We left behind the rolling hills and wooded valleys of East Lothian to drive into sharp-edged mountains and deep-cut glens. Autumn had arrived and Scotland’s heather, firs and bracken were turning a fiery russet.
It was the first day of November – and we were camping. But our Loch Tay geodome was not your average tent: we lit the wood-burner and sank into beanbags by the candlelight of a low table. I marvelled at the sense of space and comfort in the geodome.
By the dying embers of the fire, we snuggled under the duvet of the bed – no sleeping bags or cold air-mattresses here – and watched the light fade out behind the hills.
The next morning, we were up at first light to cycle the 35 miles around the loch.
Cloudless days in Scotland are as precious as gold-dust, and on this first day of November, the Highlands were a blazing gold and burnt-sienna, the shadows long and the air as sharp as splinters.
At the estate village of Kenmore, we crossed the bridge to the street of workers’ cottages, Scotland’s claimed oldest hotel, and the turreted gateway to Taymouth Castle.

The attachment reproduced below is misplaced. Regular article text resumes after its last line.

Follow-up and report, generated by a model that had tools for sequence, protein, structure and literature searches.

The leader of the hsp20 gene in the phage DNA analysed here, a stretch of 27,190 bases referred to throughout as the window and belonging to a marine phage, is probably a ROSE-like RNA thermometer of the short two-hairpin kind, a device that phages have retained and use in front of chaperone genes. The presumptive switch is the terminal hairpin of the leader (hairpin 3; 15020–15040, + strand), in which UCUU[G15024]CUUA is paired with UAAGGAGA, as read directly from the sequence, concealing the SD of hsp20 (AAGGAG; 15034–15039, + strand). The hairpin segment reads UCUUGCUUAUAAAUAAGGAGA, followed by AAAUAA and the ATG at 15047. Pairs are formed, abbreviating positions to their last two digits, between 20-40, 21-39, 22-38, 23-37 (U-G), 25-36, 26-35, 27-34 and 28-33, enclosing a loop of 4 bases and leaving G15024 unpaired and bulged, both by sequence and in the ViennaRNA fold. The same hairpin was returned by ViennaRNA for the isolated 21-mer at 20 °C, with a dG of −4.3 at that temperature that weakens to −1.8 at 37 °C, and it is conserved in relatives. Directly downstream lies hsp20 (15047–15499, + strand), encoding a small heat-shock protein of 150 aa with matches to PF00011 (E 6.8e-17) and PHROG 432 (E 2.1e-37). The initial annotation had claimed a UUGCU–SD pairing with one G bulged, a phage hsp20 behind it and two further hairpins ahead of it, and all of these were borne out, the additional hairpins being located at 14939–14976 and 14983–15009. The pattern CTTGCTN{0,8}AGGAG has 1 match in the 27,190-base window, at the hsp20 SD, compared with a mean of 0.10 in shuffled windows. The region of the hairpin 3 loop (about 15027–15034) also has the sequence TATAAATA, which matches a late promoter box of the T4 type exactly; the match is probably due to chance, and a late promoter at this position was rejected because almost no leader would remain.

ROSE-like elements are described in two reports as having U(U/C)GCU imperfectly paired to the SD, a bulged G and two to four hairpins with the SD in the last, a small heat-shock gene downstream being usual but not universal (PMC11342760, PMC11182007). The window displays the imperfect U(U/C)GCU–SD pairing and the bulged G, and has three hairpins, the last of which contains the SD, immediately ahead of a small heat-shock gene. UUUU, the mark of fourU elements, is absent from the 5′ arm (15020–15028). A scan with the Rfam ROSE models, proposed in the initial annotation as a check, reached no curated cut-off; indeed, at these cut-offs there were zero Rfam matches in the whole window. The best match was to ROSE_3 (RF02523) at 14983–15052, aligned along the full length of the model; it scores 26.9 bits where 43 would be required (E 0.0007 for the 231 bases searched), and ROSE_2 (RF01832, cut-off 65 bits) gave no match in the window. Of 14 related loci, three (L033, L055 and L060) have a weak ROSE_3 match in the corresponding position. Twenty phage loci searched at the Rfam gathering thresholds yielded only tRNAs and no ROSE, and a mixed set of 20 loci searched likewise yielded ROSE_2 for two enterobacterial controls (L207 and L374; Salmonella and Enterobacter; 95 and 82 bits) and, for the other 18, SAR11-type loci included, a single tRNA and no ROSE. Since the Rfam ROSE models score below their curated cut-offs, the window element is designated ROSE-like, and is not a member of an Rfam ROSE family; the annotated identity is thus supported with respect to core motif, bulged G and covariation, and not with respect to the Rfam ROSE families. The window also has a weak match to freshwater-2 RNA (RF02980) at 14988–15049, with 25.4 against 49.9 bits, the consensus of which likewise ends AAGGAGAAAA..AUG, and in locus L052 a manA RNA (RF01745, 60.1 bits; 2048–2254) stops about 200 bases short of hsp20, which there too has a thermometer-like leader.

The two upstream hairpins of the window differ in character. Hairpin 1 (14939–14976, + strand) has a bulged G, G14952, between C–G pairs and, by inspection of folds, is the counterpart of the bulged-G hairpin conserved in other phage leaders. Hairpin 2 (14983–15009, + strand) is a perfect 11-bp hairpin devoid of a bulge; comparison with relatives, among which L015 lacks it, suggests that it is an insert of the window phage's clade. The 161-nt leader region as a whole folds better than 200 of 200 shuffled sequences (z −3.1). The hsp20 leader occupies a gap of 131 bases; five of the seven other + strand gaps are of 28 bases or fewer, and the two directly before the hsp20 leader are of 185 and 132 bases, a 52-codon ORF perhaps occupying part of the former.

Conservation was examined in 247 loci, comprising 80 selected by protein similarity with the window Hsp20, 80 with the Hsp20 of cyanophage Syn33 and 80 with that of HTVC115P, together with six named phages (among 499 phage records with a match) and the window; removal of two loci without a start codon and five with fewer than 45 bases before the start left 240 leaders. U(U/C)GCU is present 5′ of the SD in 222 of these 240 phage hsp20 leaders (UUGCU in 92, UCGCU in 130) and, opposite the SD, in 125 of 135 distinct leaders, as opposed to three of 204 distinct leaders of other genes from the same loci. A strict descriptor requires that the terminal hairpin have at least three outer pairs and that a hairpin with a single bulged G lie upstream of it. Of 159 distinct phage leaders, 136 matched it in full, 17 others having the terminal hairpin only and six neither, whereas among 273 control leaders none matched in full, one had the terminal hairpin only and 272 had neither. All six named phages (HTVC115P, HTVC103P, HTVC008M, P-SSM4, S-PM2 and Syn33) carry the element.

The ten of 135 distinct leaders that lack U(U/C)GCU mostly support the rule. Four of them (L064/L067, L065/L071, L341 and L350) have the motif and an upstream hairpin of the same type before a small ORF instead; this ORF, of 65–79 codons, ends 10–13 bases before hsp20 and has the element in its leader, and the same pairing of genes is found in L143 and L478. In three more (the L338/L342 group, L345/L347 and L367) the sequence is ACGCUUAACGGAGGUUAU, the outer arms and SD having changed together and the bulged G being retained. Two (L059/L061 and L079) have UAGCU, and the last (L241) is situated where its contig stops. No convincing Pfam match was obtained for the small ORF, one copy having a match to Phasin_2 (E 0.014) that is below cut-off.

The circular cycle now took us along a section of Sustrans Route 7 on the south bank – a quiet country lane of little traffic. A farmer on his quad bike stopped to encourage us up the hill, telling us we’re ‘just a field and a half away’ from the summit. I’d never heard distance measured in fields before and I chuckled to myself as I rode away, thinking every short distance in the countryside should be measured by woodland, meadow and hill.
Four hills away
Just two copses on
Three fields on your right
And as we turned a corner, the magnificent Ben Lawers came into view on the other side of the Loch. More steep ascents were followed by long freewheels until, at last, Killin by the Falls of Dochhart Falls came into sight.
Back at Loch Tay Vacations, we fired up the wood-burner and waited for the hot tub to warm up and revive our bones.
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